Five Supplements for Joint Health That Aren’t Glucosamine
If you’ve read my articles in Flagstaff Business News before or you follow me on social media, you know that I love helping people get healthy, get moving, and get out of pain. A good number of patients I see in my office have joint pain from osteoarthritis. Since osteoarthritis is the most prevalent joint disease, I’m sure a lot of readers can relate!
Osteoarthritis can prevent people from moving like they want to. Life gets less fun and less convenient if you have pain opening jars, chewing food, reaching up to wash your hair, walking, or getting up and down off the floor to play with kids or animals.
But there’s a lot that you can do to promote healthier joints, regain joint function, and have less joint pain.
For this article I’m going to focus on supplements for joint health, but I cannot fail to mention a few baseline health points that must be in order for your joints to feel good. Keeping your baseline health in order also gives supplements their best chance at being effective.
- Diet. What you eat matters a LOT and eating a diet that is rich in a variety of vegetables, fruits, and protein sources will promote joint health. Processed foods, fast food, and sugar-filled foods and drinks will only contribute to arthritis pain.
- Movement. A joint in motion tends to stay in motion. If you stop moving a joint because it hurts, it may become more difficult to move that joint as time goes on. If joints hurt when you move them, it’s a good idea to see a physical therapist or personal trainer for movements that are therapeutic, build strength, and reduce pain.
- Weight. Carrying extra weight on your frame can aggravate joint pain and adipose (fatty) tissue can promote inflammation in the body. Arthritic joints will be more painful when they are carrying a heavier load or if they are inflamed.
If you need extra help getting your joints healthy, supplements can play a role in reducing joint pain and help to keep cartilage within the joint healthy. Here are five of my favorites!
- Collagen. There is a growing body of evidence suggesting that taking collagen orally can help the chondrocytes (cells that produce cartilage in a joint) improve their function. And according to research, taking collagen orally improves the symptoms associated with osteoarthritis too. Some studies show improvement in osteoarthritis symptoms with a dose of collagen as low as 10mg per day!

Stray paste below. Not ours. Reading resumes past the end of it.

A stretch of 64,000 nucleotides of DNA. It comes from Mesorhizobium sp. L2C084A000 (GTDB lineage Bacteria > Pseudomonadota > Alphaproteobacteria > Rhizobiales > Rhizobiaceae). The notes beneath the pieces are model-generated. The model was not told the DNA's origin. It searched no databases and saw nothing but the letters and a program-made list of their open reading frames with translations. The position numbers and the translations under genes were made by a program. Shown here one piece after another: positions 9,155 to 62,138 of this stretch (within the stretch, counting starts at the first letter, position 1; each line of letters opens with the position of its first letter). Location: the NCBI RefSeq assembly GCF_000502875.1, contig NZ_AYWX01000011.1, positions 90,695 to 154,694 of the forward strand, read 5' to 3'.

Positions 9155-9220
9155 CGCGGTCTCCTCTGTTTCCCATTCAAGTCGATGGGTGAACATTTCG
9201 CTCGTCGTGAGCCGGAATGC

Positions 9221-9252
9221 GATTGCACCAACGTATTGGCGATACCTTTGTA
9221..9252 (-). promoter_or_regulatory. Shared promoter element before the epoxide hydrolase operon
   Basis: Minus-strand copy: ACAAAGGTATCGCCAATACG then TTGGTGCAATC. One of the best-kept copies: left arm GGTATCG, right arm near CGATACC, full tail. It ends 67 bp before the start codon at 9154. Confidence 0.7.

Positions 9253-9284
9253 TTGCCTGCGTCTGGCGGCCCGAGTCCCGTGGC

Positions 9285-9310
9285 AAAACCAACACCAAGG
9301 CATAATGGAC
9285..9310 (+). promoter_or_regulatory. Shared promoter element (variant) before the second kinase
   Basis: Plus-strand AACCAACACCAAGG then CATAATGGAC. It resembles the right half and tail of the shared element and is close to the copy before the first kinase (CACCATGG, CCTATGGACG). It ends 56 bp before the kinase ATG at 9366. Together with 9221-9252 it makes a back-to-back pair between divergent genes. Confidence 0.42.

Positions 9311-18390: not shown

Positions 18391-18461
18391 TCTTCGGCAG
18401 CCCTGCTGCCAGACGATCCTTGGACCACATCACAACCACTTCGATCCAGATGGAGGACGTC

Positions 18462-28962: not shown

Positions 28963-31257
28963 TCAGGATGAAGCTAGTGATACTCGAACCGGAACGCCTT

- Vitamin C. This vitamin is essential to the creation of collagen in our bodies. Vitamin C intake has been linked to less cartilage loss and less incidence of osteoarthritis. It shows the most promise for symptomatic relief in early osteoarthritis, but on a cellular level almost all folks with arthritis can benefit from extra Vitamin C. Research shows a wide range of effective doses (2000-6000mg per day) for Vitamin C, so ask your doc about the dosage that will work best for you.
- Zinc. A deficiency of this mineral may prevent chondrocytes from functioning optimally. That’s bad news because chondrocytes are the cells that produce cartilage in the joint. The oxidative damage that can occur when there is a zinc deficiency is what causes damage to the chondrocytes and increases osteoarthritis risk. I find that patients generally need 10-30mg of zinc per day with food.
- MSM. MSM is otherwise known as methylsulfonylmethane, which is why we call it MSM! It’s an organosulfur compound that is found in food, but taking it as a supplement can provide joint pain relief. MSM has been found to decrease the joint pain, stiffness, and swelling associated with osteoarthritis. The ideal dose is based on the individual, but studies show that a dose of three grams twice per day can be effective.
- Vitamin D. Deficiency of Vitamin D has been well documented in its link to cartilage degeneration. With Vitamin D deficiency, cartilage cannot repair itself and that’s what can lead to degeneration of a joint (osteoarthritis). The good news is that Vitamin D, when it is sufficient levels in the body, could help cartilage regenerate. Because Vitamin D is a fat soluble vitamin and can be toxic at high doses, you should get your levels checked so that your doctor can be precise about dosing if you are deficient.
This is by no means an exhaustive list of vitamins, minerals, and nutrients that can be effective in the treatment of osteoarthritis. There are many herbs, too, that can alleviate joint pain and improve joint function. There are so many, in fact, that it’s difficult to make broad recommendations in the context of an article. I like to prescribe herbal formulas based on the individual patient!
As we move into the summer months, I hope you can find a way to get your joints to a place where they are less painful and function better. We love living in Flagstaff because of its gorgeous outdoor spaces and I want you to be able to get out there and enjoy!
Article by Dr. Amber Belt
Photo by Carol Hagen.